(Louisville Business First) - Despite the dark aisles and locked doors, Kroger Co. continues to pay rent for its shuttered Southland Terrace location.
The grocery giant made the decision to close the store last November, saying it was on track to lose about $900,000 in 2017.
But the company couldn't break its lease when it closed the 51,000-square-foot store, which is at 3917 S. Seventh Street Road. Loan-servicing documents for the shopping center show that about a year before the store closed, Cincinnati-based Kroger re-upped the lease on the location for a five-year stint. The lease is up in December 2021.
Kroger's regional director of corporate affairs, Tim McGurk, said the grocer has been looking for a new tenant to take over the space.
"Our real estate managers have tried repeatedly to negotiate a termination of that lease but so far have not been successful," McGurk said in an email. "This remains a priority so that another retailer can use the space."
In the meantime, Kroger is stuck paying a lease on a closed store until it finds a sublessee or until it comes to an agreement with the landlord to break the lease.
The property is owned by a New York-based holding company called Southland Terrace Shopping Center LLC, and Louisville-based CG Commercial Real Estate manages the center.
CBRE Louisville is handling the marketing to find a new tenant.
Holding Kroger to the lease is not abnormal, said David Seewer, an attorney who works in commercial real estate at Wyatt Tarrant and Combs LLP and who is not involved in the deal.
"A lease is a contract," he said. "Both parties have signed it, so it’s legal and binding."
For Kroger, making the payments is a hassle, Seewer said, but the landlord just wants to have a tenant who is able to pay the rent.
"The dilemma here is you’ve got a tenant, Kroger, that’s got the financial wherewithal to make payments," Seewer said. "The landlord is just going to kind of wait, I’m sure, and find something that fits."
Neither Kroger nor CBRE would disclose the lease costs, but through some math, we can make an educated estimate.
In 2016, the shopping center was 75 percent leased and generated $2.27 million in revenue, according to loan-servicing documents.
The center has 220,234 square feet in total, so 75 percent would be about 165,175 square feet. With a little more than 51,000 square feet of space, Kroger accounted for about 31 percent of the occupied space.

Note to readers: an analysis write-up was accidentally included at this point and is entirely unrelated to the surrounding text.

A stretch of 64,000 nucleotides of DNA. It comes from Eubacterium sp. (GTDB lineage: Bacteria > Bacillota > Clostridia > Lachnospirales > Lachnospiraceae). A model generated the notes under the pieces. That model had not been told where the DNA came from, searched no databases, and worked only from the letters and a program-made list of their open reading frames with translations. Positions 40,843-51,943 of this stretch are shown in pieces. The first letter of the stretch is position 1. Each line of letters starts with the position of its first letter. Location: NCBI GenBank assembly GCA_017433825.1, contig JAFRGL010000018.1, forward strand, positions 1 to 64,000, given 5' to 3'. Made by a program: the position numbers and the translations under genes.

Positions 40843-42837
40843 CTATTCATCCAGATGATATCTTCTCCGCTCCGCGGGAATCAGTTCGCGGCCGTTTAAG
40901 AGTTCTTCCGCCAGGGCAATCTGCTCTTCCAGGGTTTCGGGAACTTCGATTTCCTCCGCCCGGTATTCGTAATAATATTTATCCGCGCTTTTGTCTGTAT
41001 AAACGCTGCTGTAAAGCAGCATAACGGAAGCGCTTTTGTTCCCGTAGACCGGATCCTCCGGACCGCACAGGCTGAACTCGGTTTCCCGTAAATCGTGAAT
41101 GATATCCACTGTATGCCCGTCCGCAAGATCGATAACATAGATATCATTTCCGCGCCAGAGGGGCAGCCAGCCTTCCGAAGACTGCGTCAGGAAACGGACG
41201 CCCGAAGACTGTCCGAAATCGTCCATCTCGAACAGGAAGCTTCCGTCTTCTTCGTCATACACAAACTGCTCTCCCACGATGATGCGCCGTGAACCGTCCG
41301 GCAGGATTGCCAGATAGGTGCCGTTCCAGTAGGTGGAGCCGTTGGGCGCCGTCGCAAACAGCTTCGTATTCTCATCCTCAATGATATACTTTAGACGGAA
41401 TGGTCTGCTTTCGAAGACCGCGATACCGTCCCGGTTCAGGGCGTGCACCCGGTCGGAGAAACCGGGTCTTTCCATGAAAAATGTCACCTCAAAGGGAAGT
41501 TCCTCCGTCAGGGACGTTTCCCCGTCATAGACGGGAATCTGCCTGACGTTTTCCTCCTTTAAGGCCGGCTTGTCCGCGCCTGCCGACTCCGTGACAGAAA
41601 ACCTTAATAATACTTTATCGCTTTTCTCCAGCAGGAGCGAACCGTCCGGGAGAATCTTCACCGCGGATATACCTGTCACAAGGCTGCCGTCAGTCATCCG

If Kroger paid a similar portion of the rent, that works out to between $600,000 and $800,000 in annual rent. But being that Kroger was both the anchor tenant and a grocery store, it probably got a bit of a rent reduction.
"The landlord, they want an anchor tenant, so they will incentivize them," said Michael Tabor, a partner at TRIO Commercial Real Estate. Tabor spoke broadly about commercial real estate transactions and not specifically about this one, in which he is not involved in this deal. "Whoever the anchor tenant is in a shopping center, they're a larger tenant, so it's typically less rent [per square foot] than the smaller tenants will pay."
Tabor said it's hard to estimate, but it's possible — even likely – that Kroger could have been given some type of rent reduction deal for holding down the shopping center.
Seewer also said grocery stores often are cut better leasing deals because they operate on very slim profit margins.
Taking all of this into account, Kroger's rent could be closer to $500,000 annually.
And without a sublessee, the grocer will be paying until December 2021, according to the loan-servicing documents.
Seewer said he has seen some grocery chains hold leases to keep competitors from entering the market. But Kroger officials said Kroger is not tying up the property for competition purposes. They said the company wants out of the lease because it gets no return on paying rent for an empty property.
Kroger officials declined to comment on why it signed a long-term lease for the struggling property about a year before closing the store.
Carmalita Goldsmith, owner of CG Commercial Real Estate, which manages the property, said she wants to see the space filled. The longer it stays empty, she said, the worse off the shopping center will be. But because of its size, the space is best-suited for a grocery store, and it will be difficult to retrofit for another kind of retailer.
"CBRE is working to get another tenant in there, and once we do that, we will release Kroger," Goldsmith said. "Our goal is to backfill that space."
But no landlord is going to let a tenant who makes guaranteed payments get out of a lease without an equally credit-worthy tenant lined up to take over the space, Seewer said.
"If you're a landlord, you’re getting your rent payments, so you’re not in a hurry (to break the lease) if you don’t get exactly what you want," he said. "Landlords like getting their payments. Kroger is a creditworthy tenant. They'll just keep paying the rent."